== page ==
The latest BBC landmark natural history production – Wild Isles, with David Attenborough – has brought blue chip wildlife film-making to our own back yard.
The five parter for BBC One and iPlayer is made by Silverback Films, co-produced by The Open University, the RSPB and WWF. It tells the story of the wildlife of the British Isles, mixing concerns about environmental threat and celebrating the wonder of our own part of the natural world.
The form of the series is traditional, closed episodes. With the first episode introducing, giving an overview of flora and fauna in Britain. The other episodes each take a different habitat: woodlands; grasslands; freshwater; and marine.
The series was commissioned by Jack Bootle, BBC Head of Commissioning, Science and Natural History. The Executive Producer is Alastair Fothergill and the Series Producer is Hilary Jeffkins. The episode producers are Chris Howard for episodes two and four, Jeffkins for episode one, Nicholas Gates for episode three and Gisle Sverdrup for episode five.
Simon King, Principle Camera and Series Consultant, has worked on Wild Isles for best part of five years. “I have had the good fortune to revisit many of the species that were already close to my heart, but which had not had the time invested in filming them until now to reveal the greatest dramas in their lives,” he says. “The behavioural revelations of species like white-tailed eagles, water shrews and predatory leaches all feel like events that occur in exotic locations, not to mention the hunting behaviour of orcas. All this in and around the British Isles. Phenomenal.”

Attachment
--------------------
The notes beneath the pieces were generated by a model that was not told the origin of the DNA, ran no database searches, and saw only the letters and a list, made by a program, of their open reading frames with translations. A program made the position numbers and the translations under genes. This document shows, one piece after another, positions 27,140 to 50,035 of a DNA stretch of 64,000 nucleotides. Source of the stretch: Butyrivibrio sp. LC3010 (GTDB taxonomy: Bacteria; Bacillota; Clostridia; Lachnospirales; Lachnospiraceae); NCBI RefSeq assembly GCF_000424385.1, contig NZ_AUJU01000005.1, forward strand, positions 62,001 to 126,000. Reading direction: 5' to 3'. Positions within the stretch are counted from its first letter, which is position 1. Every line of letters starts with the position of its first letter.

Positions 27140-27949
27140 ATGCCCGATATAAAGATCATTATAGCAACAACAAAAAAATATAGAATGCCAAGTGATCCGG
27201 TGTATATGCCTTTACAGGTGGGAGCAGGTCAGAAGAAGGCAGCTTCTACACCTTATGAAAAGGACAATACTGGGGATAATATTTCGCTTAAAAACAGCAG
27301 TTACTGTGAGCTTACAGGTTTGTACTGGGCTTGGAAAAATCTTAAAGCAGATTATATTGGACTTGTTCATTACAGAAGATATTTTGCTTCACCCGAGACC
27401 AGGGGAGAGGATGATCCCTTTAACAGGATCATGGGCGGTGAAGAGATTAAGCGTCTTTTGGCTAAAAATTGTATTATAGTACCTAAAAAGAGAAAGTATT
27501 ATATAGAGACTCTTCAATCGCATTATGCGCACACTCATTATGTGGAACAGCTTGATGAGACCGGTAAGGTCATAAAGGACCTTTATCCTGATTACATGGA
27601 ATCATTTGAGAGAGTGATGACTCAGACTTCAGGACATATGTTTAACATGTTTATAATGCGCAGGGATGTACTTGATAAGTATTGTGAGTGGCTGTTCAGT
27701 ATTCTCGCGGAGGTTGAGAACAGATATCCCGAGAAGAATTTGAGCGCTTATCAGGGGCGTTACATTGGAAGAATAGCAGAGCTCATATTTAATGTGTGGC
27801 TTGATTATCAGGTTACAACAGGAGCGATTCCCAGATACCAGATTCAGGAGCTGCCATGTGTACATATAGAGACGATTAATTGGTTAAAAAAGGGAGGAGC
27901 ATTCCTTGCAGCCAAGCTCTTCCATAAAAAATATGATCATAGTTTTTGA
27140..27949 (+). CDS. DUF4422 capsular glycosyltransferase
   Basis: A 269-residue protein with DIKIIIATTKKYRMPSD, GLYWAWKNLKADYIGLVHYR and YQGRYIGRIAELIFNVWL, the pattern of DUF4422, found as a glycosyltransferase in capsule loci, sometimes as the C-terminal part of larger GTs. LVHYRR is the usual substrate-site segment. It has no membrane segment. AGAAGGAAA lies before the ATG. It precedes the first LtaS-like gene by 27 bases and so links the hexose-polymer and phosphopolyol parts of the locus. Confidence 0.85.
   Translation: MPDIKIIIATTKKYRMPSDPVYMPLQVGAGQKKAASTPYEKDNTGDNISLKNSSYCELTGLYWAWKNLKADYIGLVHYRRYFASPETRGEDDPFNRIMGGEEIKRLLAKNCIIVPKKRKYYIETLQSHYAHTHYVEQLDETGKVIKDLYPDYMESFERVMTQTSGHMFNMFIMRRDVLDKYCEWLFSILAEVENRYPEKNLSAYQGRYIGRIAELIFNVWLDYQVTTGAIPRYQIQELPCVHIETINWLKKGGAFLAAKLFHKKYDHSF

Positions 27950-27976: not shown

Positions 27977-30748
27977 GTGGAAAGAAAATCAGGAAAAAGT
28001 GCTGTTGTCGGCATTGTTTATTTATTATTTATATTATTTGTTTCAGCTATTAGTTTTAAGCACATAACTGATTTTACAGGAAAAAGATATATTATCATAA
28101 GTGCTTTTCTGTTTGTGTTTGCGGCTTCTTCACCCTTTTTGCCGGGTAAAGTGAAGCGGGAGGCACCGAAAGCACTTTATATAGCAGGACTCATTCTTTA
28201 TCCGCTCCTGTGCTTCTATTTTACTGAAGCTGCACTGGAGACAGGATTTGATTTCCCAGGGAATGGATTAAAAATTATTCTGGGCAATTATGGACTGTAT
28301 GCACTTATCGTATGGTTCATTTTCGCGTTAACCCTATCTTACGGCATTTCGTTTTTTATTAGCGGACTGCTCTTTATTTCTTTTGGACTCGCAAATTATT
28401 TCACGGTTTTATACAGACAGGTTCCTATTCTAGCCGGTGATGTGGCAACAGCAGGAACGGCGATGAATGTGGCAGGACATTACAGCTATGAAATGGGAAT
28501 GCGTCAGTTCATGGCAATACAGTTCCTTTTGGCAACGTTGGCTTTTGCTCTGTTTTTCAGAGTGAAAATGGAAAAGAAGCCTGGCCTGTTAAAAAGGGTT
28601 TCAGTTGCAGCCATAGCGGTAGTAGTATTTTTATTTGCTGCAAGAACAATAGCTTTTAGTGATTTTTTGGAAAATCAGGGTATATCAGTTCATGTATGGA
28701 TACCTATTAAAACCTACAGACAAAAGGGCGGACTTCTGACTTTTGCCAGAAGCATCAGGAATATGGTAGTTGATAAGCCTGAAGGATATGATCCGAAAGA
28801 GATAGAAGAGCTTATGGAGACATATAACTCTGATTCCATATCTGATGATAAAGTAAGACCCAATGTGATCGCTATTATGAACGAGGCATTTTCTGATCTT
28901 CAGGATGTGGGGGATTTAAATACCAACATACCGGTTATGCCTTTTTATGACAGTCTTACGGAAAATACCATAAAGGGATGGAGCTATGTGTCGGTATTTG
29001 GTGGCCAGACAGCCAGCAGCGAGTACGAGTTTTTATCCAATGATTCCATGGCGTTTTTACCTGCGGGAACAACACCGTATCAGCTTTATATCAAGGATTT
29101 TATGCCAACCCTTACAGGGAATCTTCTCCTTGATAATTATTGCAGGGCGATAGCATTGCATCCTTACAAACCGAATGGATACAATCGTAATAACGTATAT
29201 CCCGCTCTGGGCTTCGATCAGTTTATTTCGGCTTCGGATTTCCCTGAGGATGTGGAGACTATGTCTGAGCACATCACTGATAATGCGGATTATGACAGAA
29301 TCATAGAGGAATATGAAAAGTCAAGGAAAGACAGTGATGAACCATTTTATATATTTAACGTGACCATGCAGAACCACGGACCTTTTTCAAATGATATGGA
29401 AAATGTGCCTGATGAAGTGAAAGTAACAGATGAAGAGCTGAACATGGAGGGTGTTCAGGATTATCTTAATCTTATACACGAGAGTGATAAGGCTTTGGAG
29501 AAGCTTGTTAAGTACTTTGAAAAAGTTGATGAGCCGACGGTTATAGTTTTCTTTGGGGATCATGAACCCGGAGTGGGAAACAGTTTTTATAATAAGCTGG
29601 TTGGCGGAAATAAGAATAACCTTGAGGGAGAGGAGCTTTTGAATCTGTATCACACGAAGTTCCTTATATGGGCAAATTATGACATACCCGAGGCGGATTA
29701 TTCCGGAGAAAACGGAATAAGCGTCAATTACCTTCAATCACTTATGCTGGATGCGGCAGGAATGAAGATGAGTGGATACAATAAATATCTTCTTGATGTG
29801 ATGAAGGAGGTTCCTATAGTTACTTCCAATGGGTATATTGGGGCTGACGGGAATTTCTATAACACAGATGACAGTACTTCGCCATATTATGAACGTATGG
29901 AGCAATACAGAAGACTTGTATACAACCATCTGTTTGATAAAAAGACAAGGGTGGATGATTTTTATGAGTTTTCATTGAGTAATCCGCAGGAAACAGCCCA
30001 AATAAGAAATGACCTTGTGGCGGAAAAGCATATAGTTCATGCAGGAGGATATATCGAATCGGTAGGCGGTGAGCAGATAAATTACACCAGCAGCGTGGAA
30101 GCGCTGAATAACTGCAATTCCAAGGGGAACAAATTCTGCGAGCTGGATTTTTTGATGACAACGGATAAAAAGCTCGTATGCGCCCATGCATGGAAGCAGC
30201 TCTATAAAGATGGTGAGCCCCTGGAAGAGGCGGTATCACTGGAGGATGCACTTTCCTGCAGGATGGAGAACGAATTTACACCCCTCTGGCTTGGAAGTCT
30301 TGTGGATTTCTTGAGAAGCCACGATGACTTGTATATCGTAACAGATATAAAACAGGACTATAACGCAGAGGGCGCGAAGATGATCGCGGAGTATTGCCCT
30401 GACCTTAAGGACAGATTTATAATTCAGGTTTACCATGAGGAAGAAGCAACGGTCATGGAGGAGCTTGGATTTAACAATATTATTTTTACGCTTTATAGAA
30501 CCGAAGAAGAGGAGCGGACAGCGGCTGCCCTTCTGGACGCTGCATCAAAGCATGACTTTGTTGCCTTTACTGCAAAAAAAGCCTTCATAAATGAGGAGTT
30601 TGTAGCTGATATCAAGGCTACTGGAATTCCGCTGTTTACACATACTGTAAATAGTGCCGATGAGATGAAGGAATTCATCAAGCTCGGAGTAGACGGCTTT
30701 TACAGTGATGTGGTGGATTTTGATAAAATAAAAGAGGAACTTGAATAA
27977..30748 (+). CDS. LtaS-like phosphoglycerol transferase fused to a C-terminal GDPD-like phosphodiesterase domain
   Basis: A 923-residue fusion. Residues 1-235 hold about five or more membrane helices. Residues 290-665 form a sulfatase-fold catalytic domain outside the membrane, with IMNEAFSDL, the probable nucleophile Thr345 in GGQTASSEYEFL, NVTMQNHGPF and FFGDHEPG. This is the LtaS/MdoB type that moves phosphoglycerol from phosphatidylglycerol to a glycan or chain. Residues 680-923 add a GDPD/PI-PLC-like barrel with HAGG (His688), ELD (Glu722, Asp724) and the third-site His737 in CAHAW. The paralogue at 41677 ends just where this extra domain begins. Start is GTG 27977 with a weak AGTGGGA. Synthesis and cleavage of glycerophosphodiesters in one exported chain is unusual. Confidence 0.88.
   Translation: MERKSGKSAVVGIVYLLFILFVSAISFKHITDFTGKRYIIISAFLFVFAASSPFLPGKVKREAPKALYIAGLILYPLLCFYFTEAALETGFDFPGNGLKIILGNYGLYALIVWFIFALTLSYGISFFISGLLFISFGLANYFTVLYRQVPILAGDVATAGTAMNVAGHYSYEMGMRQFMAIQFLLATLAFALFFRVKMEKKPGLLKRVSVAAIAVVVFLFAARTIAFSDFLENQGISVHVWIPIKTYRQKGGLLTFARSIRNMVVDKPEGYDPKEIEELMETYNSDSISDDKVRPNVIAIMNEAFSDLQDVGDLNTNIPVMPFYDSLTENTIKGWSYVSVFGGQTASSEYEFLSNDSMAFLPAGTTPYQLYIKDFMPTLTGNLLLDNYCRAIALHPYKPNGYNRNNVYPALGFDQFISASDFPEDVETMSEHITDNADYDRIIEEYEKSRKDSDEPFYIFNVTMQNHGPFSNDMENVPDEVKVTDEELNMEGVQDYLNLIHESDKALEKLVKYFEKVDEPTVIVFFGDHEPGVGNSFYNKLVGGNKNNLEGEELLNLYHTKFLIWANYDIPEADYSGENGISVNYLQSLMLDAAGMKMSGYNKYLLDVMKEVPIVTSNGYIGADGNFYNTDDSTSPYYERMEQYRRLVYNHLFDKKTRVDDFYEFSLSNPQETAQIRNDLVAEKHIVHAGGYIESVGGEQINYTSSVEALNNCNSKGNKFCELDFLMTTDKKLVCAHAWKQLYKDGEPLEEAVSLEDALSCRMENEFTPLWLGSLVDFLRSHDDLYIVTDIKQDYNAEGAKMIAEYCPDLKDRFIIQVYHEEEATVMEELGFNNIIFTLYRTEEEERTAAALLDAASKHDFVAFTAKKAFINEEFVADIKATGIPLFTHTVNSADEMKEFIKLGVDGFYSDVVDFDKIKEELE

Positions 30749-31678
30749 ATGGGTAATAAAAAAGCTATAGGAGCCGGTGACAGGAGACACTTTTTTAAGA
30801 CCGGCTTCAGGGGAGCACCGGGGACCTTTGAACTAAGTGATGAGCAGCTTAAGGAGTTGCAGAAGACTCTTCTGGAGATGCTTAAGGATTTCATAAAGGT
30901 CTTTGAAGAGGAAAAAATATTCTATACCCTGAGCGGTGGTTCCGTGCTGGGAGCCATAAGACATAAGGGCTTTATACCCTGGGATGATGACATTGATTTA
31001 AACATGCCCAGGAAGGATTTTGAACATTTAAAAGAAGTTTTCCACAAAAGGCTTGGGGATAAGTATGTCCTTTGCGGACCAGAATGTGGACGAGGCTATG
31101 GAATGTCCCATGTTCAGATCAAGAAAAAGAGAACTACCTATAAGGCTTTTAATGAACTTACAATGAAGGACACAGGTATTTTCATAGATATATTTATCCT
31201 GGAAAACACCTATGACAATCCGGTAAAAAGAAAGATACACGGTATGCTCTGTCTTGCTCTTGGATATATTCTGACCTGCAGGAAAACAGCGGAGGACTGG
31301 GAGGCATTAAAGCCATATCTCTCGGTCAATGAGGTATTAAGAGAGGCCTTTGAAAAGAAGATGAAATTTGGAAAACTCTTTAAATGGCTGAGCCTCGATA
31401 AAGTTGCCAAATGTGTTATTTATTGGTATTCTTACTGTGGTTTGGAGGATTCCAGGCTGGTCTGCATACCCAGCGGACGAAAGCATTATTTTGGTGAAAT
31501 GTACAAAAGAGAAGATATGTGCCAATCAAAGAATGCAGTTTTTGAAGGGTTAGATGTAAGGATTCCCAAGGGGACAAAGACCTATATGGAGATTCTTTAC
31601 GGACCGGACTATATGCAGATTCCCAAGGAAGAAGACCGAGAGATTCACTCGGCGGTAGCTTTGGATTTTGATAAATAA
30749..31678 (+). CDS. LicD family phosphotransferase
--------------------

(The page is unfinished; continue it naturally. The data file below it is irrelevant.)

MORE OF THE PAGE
Asked about the most ambitious filming challenges, he references the visualisation of the “wood-wide web” – the story of the way the forest communicates via a network of thread like fungi, as well as underwater filming techniques in the marine episode. “I worked with the most cutting-edge thermal imaging cameras to reveal the world of the fox under the cover of complete darkness. The team had to deploy remote cameras to record the most stunning sequence of capercaillie in remote Caledonian forest and drone and gyro stabilised cameras were used throughout the filming.”
King used super high-speed digital cameras to record hobbies hunting dragonflies and peregrine falcons hunting wading birds. “Astonishing technical developments were innovated for the macro sequences,” says King, “revealing hidden worlds of solitary bees, butterflies and much more.”
Working on some of the macro capture, cameraman Alastair MacEwen shot behaviour of voles running through tunnels and the inside of an ants nest, by setting up sets, overseen by relevant wildlife experts.
Wild Isles composer is George Fenton. He contrasts scoring scripted film with natural history: “In film, you very often have to deal with performance or plot points. In the natural world world, you may have to deal with a plot point if they’re telling a long story, but the characters in the plot are flawless because they are not acting. They are so natural so you get these incredible moments, insights into the ways animals think and behave and move.”
Fenton aims to make the music underpin the characters. “You can’t help smiling at a puffin, they’re plucky,” he says. “I try to set all these things up as characters and then involve them in the story and try not to give the ending away. The geese story is about two things: about the geese, the importance of their stopover; but also about the eagles that try to hunt them. Eagles have been so rare and now they’re back and they’ve had to learn these behaviours, how to catch a barnacled goose… It’s tough for a young eagle because they’re so heavy, so even if they catch them, can they hang on to them? It’s a real will he, won’t he kind of story, with a lot of anticipation and tension. So I try to get the sense of panic in a flock of geese.”
He recognises that BBC viewers will be familiar with the sounds of their home country. “I want the music to feel deep down like it’s from the British Isles, the natural sounds of our island are very poignant for us, we relate very strongly to them.”